Vol. 80, No. 2Cover stories

Male police officer hands out pamphlets to two students.

Pocket-sized prevention

Constable discusses sexual consent in B.C. schools

Cst. Ian Sim (right) hands out copies of the Understanding Sexual Consent pocket guide to students at the University of British Columbia in Vancouver, B.C. Credit: B.C. RCMP


On many university campuses, sexual consent is a hot-button issue, and the University of British Columbia (UBC) in Vancouver, B.C., is no exception. That's why Cst. Ian Sim created Understanding Sexual Consent: A pocket guide last year.

"We need to work smarter, and for me that's prevention," says Sim, a community liaison officer at the RCMP's University detachment in Vancouver. "After the fact, it's too late for victims."

The pocket-sized guide uses pictograms and simple words to convey what consent is, what it isn't, and what phone numbers you can call to get help or report an incident.

Sim and other officers at the University detachment use the pocket guides as an education and prevention tool, handing them out to counsellors in the local elementary and high schools, and to students on UBC's campus.

"If I can make people feel comfortable discussing this important issue, that's the goal," says Sim. "But if I can keep people safe, that's the holy grail."

A portable message

Sim created the tri-fold double-sided pocket guide last year after one of the RCMP's crime prevention posters caught his eye. The poster deftly and creatively conveyed the concept of sexual consent — a topic that's been on the radar of politicians, workplaces, schools and law enforcement for the past few years.

The RCMP's National Crime Prevention Services created the original infographic poster in 2016, following increased appetite from schools and police officers for new ways to start conversations about intimate partner violence and sexual consent.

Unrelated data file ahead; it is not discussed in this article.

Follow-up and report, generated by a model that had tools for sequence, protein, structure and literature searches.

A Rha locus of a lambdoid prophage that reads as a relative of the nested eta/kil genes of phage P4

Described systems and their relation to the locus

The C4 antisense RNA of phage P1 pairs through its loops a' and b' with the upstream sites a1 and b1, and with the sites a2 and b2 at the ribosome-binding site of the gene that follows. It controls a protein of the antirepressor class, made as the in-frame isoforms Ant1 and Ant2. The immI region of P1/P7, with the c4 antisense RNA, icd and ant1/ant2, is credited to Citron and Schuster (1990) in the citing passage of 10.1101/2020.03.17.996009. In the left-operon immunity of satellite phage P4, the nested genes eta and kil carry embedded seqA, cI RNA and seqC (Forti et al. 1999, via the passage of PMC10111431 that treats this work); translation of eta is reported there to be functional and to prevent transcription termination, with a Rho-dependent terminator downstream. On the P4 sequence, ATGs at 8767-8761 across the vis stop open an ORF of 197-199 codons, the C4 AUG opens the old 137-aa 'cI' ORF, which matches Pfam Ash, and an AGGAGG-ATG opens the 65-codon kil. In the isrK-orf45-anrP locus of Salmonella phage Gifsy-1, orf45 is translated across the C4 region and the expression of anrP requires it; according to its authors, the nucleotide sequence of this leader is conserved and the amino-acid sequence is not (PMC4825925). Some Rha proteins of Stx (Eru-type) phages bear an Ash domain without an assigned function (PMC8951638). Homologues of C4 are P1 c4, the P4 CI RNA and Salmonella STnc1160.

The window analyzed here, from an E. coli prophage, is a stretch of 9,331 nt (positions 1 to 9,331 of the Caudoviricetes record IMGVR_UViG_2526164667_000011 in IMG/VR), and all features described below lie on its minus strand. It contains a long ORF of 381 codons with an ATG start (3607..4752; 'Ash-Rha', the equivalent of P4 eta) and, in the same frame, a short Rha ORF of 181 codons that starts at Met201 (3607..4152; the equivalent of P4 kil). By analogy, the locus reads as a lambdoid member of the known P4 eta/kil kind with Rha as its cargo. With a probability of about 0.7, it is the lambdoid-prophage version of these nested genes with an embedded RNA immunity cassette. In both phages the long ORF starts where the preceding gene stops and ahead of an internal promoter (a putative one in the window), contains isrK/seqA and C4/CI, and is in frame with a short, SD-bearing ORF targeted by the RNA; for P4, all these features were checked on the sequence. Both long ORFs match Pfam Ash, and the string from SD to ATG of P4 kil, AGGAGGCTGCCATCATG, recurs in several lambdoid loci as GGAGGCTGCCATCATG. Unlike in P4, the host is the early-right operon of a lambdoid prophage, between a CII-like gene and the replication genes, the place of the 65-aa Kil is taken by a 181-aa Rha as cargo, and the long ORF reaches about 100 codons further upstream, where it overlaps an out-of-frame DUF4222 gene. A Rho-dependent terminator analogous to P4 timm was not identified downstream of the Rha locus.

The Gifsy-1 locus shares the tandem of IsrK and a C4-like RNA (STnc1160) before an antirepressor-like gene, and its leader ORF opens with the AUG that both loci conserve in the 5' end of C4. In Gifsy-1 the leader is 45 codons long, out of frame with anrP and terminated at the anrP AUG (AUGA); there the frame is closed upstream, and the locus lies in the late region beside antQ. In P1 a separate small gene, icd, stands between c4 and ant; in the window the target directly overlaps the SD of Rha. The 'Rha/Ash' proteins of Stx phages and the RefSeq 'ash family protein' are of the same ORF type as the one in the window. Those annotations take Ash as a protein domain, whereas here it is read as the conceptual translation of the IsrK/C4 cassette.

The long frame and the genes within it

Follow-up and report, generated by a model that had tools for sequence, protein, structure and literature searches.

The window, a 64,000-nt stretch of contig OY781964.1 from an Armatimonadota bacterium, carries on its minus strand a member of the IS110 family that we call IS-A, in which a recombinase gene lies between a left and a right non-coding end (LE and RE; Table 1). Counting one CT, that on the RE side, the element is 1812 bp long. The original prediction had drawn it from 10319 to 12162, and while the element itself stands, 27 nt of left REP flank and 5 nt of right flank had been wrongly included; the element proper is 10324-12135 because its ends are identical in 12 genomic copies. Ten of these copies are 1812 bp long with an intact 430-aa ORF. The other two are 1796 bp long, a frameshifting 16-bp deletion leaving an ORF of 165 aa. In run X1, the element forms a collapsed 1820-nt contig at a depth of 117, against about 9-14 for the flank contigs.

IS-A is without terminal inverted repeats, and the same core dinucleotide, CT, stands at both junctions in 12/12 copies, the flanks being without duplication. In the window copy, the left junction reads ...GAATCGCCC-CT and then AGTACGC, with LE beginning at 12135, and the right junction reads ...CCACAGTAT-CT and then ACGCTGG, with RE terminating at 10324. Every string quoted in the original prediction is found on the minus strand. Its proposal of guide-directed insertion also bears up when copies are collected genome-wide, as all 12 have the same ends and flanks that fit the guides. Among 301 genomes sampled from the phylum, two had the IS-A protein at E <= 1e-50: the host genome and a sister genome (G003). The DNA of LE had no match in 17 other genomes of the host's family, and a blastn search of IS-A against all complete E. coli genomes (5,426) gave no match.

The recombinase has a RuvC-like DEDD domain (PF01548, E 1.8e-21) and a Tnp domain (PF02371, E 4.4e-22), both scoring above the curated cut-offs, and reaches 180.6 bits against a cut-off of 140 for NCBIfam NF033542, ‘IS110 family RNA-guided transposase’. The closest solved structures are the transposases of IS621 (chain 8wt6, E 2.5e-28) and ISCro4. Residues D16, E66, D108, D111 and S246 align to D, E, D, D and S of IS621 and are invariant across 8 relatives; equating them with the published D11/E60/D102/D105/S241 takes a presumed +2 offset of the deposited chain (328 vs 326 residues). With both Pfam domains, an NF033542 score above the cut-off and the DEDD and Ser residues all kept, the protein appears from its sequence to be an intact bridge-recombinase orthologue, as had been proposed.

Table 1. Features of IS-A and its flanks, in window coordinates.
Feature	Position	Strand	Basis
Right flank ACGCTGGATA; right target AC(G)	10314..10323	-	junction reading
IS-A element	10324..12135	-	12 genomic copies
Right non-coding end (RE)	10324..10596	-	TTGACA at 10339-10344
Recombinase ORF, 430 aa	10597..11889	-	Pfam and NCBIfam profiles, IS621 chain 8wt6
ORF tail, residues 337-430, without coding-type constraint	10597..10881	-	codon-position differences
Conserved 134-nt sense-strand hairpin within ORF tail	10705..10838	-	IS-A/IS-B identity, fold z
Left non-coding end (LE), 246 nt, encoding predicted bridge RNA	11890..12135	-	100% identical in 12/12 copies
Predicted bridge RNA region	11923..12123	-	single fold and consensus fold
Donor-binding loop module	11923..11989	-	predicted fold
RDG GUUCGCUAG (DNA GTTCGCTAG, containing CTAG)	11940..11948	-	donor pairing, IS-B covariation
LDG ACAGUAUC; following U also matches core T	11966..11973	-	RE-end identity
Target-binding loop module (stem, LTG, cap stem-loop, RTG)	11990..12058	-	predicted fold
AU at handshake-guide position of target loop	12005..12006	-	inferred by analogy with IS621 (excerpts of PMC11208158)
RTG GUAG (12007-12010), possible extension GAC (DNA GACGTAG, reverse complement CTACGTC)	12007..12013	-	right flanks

"We wanted to incorporate imagery youth are using and seeing on an everyday basis, like emoji's," says Louis Zuniga, manager of the RCMP's National Youth Services. "We wanted to pull from those trends to make sure the language we used resonated with youth and they could understand it."

The colourful simplicity of the poster struck a chord with Sim, but he wanted something more tactile and mobile to hand out on his foot patrols. Sim approached B.C. Crime Prevention Services, which adapted the poster's content into a smaller pocket-sized format.

"I wanted to create a different platform to expand our audience," he says. "It works for elementary and high schools, the university, the bar crowd, as well as parents. Everyone can use the information in the pocket guide."

Sim uses the pocket guide as a tool when he discusses consent with youth and young adults. He says the pictograms can even help those who don't read English or French (the two languages in which the guide is currently available) understand the message.

Campus buy-in

Sim has been handing out the pocket guides since last summer. He says the back-to-school season in September was when they really took off.

"I was on the street as hundreds of kids went to the frat houses for parties," says Sim. "I handed out $230 tickets for open liquor, and I also handed out the pocketbooks."

So far, Sim says he's only received positive feedback from youth and university students. Recently, he bumped into UBC's inter-fraternity president during a routine foot patrol of campus. He was surprised to hear the young man had a stack of the guides in his back pocket.

"It mobilizes the conversation and brings it into the environments where the discussion is needed," says Jeriah Newman, president of UBC's Interfraternity Council. "The pocket guides are great because the person gets to leave with them — they can put it in their pocket and read it anytime."

Newman says a lot of students are uncertain or confused when it comes to consent, and this guide "brings it back to reality" with the basics. He says the simple messages like telling people to always ask permission, or reminding people that consent isn't implicit, are what makes the guide hit home.

The pocket guide is also resonating with UBC campus administration. This school year, the UBC Student Housing office requested 10,000 copies to hand out to all students staying in residence.

"This is an issue that's everywhere, in every community, from coast-to-coast-to-coast. The level of trauma as a result of sexual violence can be life-changing," says Sim. "The pocketbook will make a difference because we're giving thousands of kids and young adults across the province the tools to stop sexual assaults and sexual harassment. It doesn't get any better than that."

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